UX Week Keynote Speaker Ken Jennings on Maps and Design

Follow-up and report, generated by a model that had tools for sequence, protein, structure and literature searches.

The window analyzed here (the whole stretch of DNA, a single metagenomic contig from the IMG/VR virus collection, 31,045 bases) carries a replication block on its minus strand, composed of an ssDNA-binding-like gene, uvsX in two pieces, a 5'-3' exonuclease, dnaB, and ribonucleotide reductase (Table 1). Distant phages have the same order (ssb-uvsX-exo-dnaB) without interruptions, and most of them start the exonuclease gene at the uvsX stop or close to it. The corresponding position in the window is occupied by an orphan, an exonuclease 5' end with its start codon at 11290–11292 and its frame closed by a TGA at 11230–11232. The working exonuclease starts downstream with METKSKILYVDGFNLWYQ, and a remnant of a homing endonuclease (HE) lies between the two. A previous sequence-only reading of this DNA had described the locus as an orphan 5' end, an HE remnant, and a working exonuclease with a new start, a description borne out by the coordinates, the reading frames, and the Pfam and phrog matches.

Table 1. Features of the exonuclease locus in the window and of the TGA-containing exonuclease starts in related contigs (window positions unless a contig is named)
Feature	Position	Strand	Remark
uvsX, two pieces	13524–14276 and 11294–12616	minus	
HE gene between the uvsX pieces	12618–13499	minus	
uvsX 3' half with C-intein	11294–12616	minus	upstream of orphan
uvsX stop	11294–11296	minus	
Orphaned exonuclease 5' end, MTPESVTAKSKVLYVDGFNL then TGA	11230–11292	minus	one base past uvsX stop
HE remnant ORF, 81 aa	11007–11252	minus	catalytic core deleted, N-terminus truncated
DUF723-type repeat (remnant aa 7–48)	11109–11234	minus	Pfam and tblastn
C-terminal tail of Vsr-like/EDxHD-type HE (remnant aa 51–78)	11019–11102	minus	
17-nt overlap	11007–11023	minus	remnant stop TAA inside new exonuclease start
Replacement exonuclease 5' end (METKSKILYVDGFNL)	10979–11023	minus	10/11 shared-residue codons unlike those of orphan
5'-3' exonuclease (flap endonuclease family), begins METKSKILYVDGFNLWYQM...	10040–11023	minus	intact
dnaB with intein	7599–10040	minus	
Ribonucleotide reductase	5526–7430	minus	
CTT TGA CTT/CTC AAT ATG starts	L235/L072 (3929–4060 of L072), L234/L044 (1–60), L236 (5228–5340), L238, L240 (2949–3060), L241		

When Ken Jennings stepped onto the stage of the game show Jeopardy! back in 2004, he was a humble software engineer from Salt Lake City. 74 wins later, he stepped off that stage as the winningest contestant in game show history. Since then, Jennings has continued to indulge his interest in esoteric knowledge of all kinds as an author and columnist. One of his books, Maphead, digs into the world of maps and map enthusiasts, looking at the past, present, and future of maps as a fundamental part of human experience. In this interview, I talk with Ken about the connections between the ideas in his book and the concerns of designers, and get a preview of what he’ll be talking about in his keynote at UX Week 2014 in San Francisco this September. Jesse James Garrett: To start things off, let’s briefly introduce people to your book Maphead and what it’s all about. Ken Jennings: So when I was a kid I was obsessed with maps and geography. I was very aware that this was super weird, that I lived in a culture where America famously didn’t know where anything was and people thought maps were confusing and bad and you only looked at them when you were lost. So I felt very odd that I could read a road atlas for pleasure the way a normal kid would read a Hardy Boys book. I found myself thinking many years later, “What’s up with that? Why was I such a weird kid? Were there other people like me out there?” So I wrote this book called Maphead about...